How To Remove Chloramines
In water purification Granulated Activated Carbon GAC has been used as the standard for removal of Chlorine and Chloramines. In 2012 two University studies were published concerning problems with using GAC in Chloraminated water systems. It has been proven that GAC breaks down in chloraminated water within it first year of use, this creates micro chards of used carbon being released into the "filtered" water supply which is unsafe for homeowners. The proper filtration media for chloraminated water supplies is Catalytic Activated Carbon and environmentally, we suggest Coconut Shell Catalytic Activated Carbon due to its sustainability. This carbon is four times as effective and has four times the capacity of GAC. It takes four times as much GAC to do the job as one unit of CSCAC.
If you have Chloramines in your water do not settle for GAC, CSCAC is 4 times the price of GAC for good reason, protect your family and yourself ask for Catalytic Carbon by name, get it in writing.
Removing chloramines from water
Chloramines should be removed from water for dialysis, aquariums, hydroponic applications and homebrewing beer. Chloramines can interfere with dialysis, can hurt aquatic animals, and can give homebrewed beer a medicinal taste by forming chlorophenols. In hydroponic applications it will stunt the growth and fruit production of plants.
When a chemical or biological process that changes the chemistry of chloramines is used, it falls under reductive dechlorination. Other techniques use physical—not chemical—methods for removing chloramines.
Chloramine must be removed from the water prior to use in kidney dialysis machines, as it would come in contact with the bloodstream across a permeable membrane. However, since chloramine is neutralized by the digestive process, kidney dialysis patients can still safely drink chloramine-treated water.
The use of UV for chlorine or chloramine removal is an established technology that has been widely accepted in pharmaceutical, beverage, and dialysis applications.Ultraviolet light is also used at aquatic facilities.
Chloramine can be removed from tap water by treatment with superchlorination (10 ppm or more of free chlorine, such as from a dose of sodium hypochlorite bleach or pool sanitizer) while maintaining a pH of about 7 (such as from a dose of hydrochloric acid). Hypochlorous acid from the free chlorine strips the ammonia from the chloramine, and the ammonia outgasses from the surface of the bulk water. This process takes about 24 hours for normal tap water concentrations of a few ppm of chloramine. Residual free chlorine can then be removed by exposure to bright sunlight for about 4 hours.
Ascorbic acid and sodium ascorbate completely neutralizes both chlorine and chloramines but degrades in a day or two which only make it usable for short-term applications; SFPUC determined that 1000 mg of Vitamin C (tablets purchased in a grocery store, crushed and mixed in with the bath water) remove chloramine completely in a medium size bathtub without significantly depressing pH.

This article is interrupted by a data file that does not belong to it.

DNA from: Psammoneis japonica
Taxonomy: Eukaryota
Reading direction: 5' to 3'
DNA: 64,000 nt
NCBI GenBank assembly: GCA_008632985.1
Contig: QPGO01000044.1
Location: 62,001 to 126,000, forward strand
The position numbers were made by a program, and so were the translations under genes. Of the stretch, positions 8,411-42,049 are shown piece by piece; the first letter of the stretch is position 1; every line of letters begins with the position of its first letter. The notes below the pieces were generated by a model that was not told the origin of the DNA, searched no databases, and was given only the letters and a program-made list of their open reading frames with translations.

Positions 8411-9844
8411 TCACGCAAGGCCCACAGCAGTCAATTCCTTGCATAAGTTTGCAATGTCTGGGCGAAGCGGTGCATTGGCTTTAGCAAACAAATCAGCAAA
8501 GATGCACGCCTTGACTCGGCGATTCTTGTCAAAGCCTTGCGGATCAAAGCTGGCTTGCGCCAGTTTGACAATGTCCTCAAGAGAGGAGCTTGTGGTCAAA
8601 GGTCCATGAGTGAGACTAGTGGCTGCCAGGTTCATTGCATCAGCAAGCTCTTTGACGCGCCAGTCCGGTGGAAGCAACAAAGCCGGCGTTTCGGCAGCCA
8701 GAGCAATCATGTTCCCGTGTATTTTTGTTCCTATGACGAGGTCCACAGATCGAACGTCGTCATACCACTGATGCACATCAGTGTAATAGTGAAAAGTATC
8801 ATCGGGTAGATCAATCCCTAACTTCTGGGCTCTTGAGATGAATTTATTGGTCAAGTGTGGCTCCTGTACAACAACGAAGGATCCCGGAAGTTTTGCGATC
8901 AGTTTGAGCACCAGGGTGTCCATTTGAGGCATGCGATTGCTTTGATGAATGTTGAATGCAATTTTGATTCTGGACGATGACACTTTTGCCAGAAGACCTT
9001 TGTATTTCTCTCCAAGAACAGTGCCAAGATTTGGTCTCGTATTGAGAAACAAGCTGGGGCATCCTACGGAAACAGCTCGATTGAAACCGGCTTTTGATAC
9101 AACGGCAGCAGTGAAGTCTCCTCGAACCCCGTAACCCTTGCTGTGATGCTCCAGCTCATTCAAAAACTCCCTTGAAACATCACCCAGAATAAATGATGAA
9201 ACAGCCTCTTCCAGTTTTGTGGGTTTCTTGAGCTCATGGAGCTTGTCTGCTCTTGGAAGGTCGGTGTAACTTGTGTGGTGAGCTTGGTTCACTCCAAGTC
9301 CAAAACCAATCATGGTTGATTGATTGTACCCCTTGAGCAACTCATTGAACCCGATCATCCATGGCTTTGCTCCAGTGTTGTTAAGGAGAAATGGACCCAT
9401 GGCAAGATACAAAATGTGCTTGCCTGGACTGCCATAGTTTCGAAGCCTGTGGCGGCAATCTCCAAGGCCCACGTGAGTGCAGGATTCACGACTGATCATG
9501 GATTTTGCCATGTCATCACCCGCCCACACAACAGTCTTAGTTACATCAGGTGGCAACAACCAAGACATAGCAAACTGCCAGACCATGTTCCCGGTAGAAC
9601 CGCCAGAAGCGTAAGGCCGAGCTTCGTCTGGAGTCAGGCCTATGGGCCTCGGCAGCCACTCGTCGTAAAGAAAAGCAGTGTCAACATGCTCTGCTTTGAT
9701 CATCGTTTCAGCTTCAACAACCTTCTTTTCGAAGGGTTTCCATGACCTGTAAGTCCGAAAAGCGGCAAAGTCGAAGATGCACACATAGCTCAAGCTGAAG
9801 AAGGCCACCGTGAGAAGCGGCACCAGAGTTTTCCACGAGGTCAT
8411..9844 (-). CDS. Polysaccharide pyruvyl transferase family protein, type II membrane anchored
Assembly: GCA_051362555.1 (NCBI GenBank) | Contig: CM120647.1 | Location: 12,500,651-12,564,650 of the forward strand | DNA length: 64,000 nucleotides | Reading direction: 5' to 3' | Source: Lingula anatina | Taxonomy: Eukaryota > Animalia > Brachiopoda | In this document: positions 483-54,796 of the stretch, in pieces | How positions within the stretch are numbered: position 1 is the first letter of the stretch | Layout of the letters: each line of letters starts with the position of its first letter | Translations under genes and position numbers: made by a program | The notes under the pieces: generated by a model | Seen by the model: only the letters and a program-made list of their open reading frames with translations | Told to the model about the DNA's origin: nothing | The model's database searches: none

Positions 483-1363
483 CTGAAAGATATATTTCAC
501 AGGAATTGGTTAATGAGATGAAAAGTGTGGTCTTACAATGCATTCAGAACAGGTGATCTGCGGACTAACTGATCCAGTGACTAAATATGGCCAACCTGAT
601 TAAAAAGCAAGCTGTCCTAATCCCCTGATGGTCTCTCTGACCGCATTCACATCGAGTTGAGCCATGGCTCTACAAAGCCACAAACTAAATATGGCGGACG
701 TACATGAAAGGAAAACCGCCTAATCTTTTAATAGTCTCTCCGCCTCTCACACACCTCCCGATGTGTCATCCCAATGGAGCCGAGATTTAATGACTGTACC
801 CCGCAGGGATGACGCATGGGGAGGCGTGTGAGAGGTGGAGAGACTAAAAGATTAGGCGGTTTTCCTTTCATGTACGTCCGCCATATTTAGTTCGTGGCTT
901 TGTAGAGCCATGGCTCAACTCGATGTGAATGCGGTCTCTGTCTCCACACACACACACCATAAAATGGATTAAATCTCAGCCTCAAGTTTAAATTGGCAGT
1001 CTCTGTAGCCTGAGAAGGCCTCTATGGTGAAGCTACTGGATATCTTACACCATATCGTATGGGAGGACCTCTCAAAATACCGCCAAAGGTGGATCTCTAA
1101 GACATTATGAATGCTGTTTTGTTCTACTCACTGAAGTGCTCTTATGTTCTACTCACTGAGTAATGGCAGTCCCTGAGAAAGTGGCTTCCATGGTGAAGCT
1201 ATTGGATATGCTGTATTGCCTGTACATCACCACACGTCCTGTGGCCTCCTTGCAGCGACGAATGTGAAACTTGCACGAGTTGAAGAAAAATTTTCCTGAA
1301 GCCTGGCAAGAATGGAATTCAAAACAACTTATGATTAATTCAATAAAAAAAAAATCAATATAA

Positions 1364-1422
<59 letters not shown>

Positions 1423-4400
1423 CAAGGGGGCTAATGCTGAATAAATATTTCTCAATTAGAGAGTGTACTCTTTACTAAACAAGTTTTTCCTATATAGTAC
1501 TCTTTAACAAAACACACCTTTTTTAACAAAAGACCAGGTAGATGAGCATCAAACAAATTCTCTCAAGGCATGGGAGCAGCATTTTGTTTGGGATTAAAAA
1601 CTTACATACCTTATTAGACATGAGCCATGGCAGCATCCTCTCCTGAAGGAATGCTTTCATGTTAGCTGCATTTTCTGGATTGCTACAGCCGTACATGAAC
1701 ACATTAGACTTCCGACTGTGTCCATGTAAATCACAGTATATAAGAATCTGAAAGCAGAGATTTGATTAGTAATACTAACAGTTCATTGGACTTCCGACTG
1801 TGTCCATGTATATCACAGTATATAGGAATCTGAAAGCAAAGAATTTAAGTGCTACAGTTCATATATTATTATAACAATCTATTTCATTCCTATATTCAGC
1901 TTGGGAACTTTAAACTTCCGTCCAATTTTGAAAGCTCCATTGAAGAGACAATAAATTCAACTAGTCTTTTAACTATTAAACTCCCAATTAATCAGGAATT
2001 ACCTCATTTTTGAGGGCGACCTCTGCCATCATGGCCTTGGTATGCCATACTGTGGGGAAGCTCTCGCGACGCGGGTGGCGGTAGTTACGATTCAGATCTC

Activated carbon have been used for chloramine removal long before catalytic carbon became available; Standard activated carbon requires a very long contact time, which means a large volume of carbon is needed. For thorough removal, up to four times the contact time of catalytic carbon may be required.
Most dialysis units now depend on granular activated carbon (GAC) filters, two of which should be placed in series so that chloramine breakthrough can be detected after the first one, before the second one fails.Additionally, sodium metabisulfite injection may be used during circumstances.
Home brewers use reducing agents such as sodium metabisulfite or potassium metabisulfite (both proprietary sold as campden tablets) to remove chloramine from brewing fermented beverages. However, residual sodium can cause off flavors in beer so potassium metabisulfite is preferred.
Sodium thiosulfate is used to dechlorinate tap water for aquariums or treat effluent from waste water treatments prior to release into rivers. The reduction reaction is analogous to the iodine reduction reaction. Treatment of tap water requires between 0.1 grams and 0.3 grams of pentahydrated (crystalline) sodium thiosulfate per 10 liters of water. Many animals are sensitive to chloramine and it must be removed from water given to many animals in zoos.
Chloramine, like chlorine, can be removed by boiling and aging. However time required to remove the chloramine is much longer than that of chlorine. The time required to remove half of the chloramine (half life) from water by boiling is 26.6 hours, while the half life of free chlorine in boiling water is only 1.8 hours.